US defense chief to visit Macedonia, concerned about Russian ‘mischief’

US Defense Secretary Jim Mattis holds a press conference at the Pentagon in Washington, DC, on August 28, 2018. (AFP)
Updated 12 September 2018
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US defense chief to visit Macedonia, concerned about Russian ‘mischief’

  • NATO invited Macedonia to begin accession talks with the alliance, but said it would have to change its constitution and adopt the new name first

WASHINGTON: US Defense Secretary Jim Mattis said on Tuesday he would visit Macedonia before a Sept. 30 referendum on changing the country’s name, also expressing concern about suspected Russian interference in the vote, which Moscow denies.
Macedonia scheduled the referendum on the government’s deal in June with neighboring Greece to change its name to the Republic of North Macedonia which would open the door for it to join NATO and the European Union.
“I am concerned about it... The kind of mischief that Russia has practiced from Estonia to the United States, from Ukraine and now to Macedonia, it always has adapted to the specific situation and it’s always beyond the pale,” Mattis, who will visit Macedonia over the weekend, told reporters.
Mattis said he wanted to make it clear the United States supported the Macedonian people.
NATO invited Macedonia to begin accession talks with the alliance, but said it would have to change its constitution and adopt the new name first. The EU has also said it would set a date for Macedonian accession talks pending implementation of the name deal.
Moscow’s ambassador to Skopje has criticized Macedonia’s ambitions to join NATO, saying it could become “a legitimate target” if relations between NATO and Russia deteriorate further.
Greece, a member of both NATO and the EU, has refused to accept the Balkan country’s name, saying it implies territorial claims on the Greek province of Macedonia and amounts to an appropriation of its ancient civilization.
Prime Minister Zoran Zaev’s government, elected in 2017, pushed for an agreement with Greece. Nationalists, including President Gjorge Ivanov, oppose the deal saying it is against the constitution.
In July, Greece expelled two Russian diplomats and barred two other people from entering the country, accusing them of having meddled by encouraging demonstrations and bribing unidentified officials to thwart the Macedonia agreement.
Russia has denied wrongdoing and responded in kind with expulsions of Greeks.


Mysterious naked holy men a huge draw at India’s Kumbh Mela

Updated 17 January 2019
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Mysterious naked holy men a huge draw at India’s Kumbh Mela

  • Organizers expect up to 150 million people to bathe at the confluence of three holy rivers
  • The Kumbh Mela has its roots in a Hindu tradition that says the god Vishnu wrested a golden pot containing the nectar of immortality from demons

PRAYAGRAJ, India: Ash-smeared and dreadlocked Naga sadhus or Hindu ascetics, naked except for rosary beads and garlands and smoking wooden pipes, are a huge draw at the world’s largest religious festival that began this week in India.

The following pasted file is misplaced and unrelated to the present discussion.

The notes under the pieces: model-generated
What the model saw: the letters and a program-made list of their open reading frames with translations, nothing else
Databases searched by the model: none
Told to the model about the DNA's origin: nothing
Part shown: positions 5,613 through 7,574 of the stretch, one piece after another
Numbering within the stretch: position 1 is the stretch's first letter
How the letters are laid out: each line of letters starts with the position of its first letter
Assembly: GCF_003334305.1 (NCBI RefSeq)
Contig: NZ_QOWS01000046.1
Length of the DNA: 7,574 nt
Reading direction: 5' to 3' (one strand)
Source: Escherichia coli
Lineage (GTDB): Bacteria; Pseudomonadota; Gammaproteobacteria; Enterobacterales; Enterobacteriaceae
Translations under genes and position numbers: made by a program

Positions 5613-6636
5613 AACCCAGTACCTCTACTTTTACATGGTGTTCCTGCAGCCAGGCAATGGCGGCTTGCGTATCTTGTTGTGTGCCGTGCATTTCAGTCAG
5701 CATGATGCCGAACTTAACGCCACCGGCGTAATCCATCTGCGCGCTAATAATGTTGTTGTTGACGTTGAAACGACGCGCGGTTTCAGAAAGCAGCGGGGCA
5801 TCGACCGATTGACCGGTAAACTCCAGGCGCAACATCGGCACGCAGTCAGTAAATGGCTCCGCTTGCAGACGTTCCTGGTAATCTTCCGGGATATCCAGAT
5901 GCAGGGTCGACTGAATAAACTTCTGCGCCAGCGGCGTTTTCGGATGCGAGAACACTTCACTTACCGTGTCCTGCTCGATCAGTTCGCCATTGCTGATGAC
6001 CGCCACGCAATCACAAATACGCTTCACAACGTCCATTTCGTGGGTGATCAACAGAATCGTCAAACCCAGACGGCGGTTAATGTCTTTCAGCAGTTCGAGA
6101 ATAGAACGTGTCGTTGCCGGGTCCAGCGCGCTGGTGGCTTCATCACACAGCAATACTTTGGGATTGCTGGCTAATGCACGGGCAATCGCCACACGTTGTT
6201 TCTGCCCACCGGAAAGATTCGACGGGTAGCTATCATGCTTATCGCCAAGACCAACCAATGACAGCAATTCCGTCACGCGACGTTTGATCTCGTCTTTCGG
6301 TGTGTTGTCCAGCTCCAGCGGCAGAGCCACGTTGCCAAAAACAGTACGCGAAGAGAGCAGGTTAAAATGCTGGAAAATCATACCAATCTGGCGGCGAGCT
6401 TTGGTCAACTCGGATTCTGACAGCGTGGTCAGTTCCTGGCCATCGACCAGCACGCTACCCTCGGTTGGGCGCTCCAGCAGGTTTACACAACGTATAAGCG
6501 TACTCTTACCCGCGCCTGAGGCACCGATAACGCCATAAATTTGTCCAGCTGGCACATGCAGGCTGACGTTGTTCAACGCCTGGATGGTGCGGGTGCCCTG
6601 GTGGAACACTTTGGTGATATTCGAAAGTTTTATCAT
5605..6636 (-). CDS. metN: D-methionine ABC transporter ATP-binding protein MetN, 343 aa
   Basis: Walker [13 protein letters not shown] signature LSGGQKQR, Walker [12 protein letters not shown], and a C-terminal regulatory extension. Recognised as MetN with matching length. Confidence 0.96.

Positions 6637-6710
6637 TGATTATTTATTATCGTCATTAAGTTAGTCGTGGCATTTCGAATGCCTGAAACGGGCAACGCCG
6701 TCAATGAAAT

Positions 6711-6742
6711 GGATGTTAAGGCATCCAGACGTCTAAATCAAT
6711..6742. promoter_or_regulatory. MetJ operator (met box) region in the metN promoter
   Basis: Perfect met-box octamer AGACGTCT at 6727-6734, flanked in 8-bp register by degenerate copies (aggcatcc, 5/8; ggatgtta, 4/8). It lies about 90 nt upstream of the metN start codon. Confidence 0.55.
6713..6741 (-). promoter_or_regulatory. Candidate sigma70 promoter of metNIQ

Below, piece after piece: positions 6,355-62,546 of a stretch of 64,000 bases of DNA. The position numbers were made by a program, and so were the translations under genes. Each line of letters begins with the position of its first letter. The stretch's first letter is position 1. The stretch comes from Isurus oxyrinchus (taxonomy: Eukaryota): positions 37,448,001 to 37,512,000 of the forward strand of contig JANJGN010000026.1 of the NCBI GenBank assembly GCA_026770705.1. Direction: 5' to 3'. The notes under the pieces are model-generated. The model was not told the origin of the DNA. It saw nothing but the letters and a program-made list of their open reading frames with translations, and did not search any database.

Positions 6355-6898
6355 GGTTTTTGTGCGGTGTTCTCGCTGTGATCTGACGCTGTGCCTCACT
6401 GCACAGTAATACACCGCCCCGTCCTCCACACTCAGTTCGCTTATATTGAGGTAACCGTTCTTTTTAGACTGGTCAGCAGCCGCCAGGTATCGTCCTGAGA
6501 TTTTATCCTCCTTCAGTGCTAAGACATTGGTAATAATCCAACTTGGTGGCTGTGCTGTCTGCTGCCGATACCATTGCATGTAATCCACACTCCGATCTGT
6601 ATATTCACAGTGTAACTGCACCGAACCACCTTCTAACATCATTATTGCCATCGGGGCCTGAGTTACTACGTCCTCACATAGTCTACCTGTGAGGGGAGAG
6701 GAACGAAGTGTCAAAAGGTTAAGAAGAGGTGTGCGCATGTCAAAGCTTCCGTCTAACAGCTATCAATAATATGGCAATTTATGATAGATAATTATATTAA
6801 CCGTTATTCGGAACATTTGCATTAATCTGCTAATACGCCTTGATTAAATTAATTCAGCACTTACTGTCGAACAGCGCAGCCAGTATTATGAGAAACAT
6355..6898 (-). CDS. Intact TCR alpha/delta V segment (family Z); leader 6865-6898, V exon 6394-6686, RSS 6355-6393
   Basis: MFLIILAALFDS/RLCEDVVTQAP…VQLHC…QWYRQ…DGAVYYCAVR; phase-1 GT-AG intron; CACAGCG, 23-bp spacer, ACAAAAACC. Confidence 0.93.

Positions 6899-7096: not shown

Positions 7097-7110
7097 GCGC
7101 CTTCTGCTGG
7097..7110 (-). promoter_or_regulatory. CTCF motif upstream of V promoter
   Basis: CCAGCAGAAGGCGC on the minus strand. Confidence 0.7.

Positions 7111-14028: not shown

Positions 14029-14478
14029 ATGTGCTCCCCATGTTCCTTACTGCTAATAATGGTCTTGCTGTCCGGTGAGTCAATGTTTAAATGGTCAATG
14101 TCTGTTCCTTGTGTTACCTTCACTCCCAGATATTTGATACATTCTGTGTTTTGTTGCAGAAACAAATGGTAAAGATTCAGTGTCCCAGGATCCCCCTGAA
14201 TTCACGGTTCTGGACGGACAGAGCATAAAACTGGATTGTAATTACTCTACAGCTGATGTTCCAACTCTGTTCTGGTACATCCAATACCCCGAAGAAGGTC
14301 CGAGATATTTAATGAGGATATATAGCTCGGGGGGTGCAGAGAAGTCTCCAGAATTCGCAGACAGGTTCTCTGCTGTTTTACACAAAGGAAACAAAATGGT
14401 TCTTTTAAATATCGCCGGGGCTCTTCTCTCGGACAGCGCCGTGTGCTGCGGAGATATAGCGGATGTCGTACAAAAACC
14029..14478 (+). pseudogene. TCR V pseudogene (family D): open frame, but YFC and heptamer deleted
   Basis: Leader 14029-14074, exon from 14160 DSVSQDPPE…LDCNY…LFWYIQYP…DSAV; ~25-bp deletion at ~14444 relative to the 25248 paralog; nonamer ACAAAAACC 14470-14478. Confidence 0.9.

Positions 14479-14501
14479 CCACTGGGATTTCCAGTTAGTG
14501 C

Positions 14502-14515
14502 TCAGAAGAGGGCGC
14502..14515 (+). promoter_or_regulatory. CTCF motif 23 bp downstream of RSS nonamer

At the Kumbh Mela, or “festival of the pot,” held this year in Prayagraj in north India, organizers expect up to 150 million people to bathe at the confluence of three holy rivers: the Ganges, the Yamuna and a mythical third river, the Saraswati.
The festival is one of the only opportunities to see the reclusive Naga sadhus, some of whom live in caves after taking a vow of celibacy and renouncing worldly possessions.
Their charge down to the waters to bathe at the opening of the Kumbh, many armed with tridents and swords, is one of the highlights of the festival.
“It is a confluence of all Naga sadhus at the meeting point of these holy rivers,” said Anandnad Saraswati, a Naga sadhu from Mathura, a holy city in north India.
“They meet each other, they interact with each other and they meditate and pray here at the holy confluence. They give their message to the people and they transform people.”
Most of the Nagas enter the orders in their early teens, leaving their friends and families to immerse themselves in meditation, yoga and religious rituals. It can take years to be conferred with the title of a Naga, they say.
“One has to live a life of celibacy for six years. After that the person is given the title of a great man and 12 years after that he is made a Naga,” said Digambar Kedar Giri, a Naga sadhu from Jaipur.
During the eight-week Kumbh, generally held every three years in one of four cities in India, the Nagas live in makeshift monasteries called Akhara erected on the eastern banks of the Ganges.
They spend their days meditating and receiving a stream of visitors who come to pay their respects.
“It feels surreal: all this time you have read about them. They are almost like fictional characters and then you meet them,” said a woman who gave her name as Pallavi, on a visit to the Akharas.
The Kumbh Mela has its roots in a Hindu tradition that says the god Vishnu wrested a golden pot containing the nectar of immortality from demons. In a 12-day fight for possession, four drops fell to earth, in the cities of Prayagraj, Haridwar, Ujjain and Nasik, who share the Kumbhs as a result.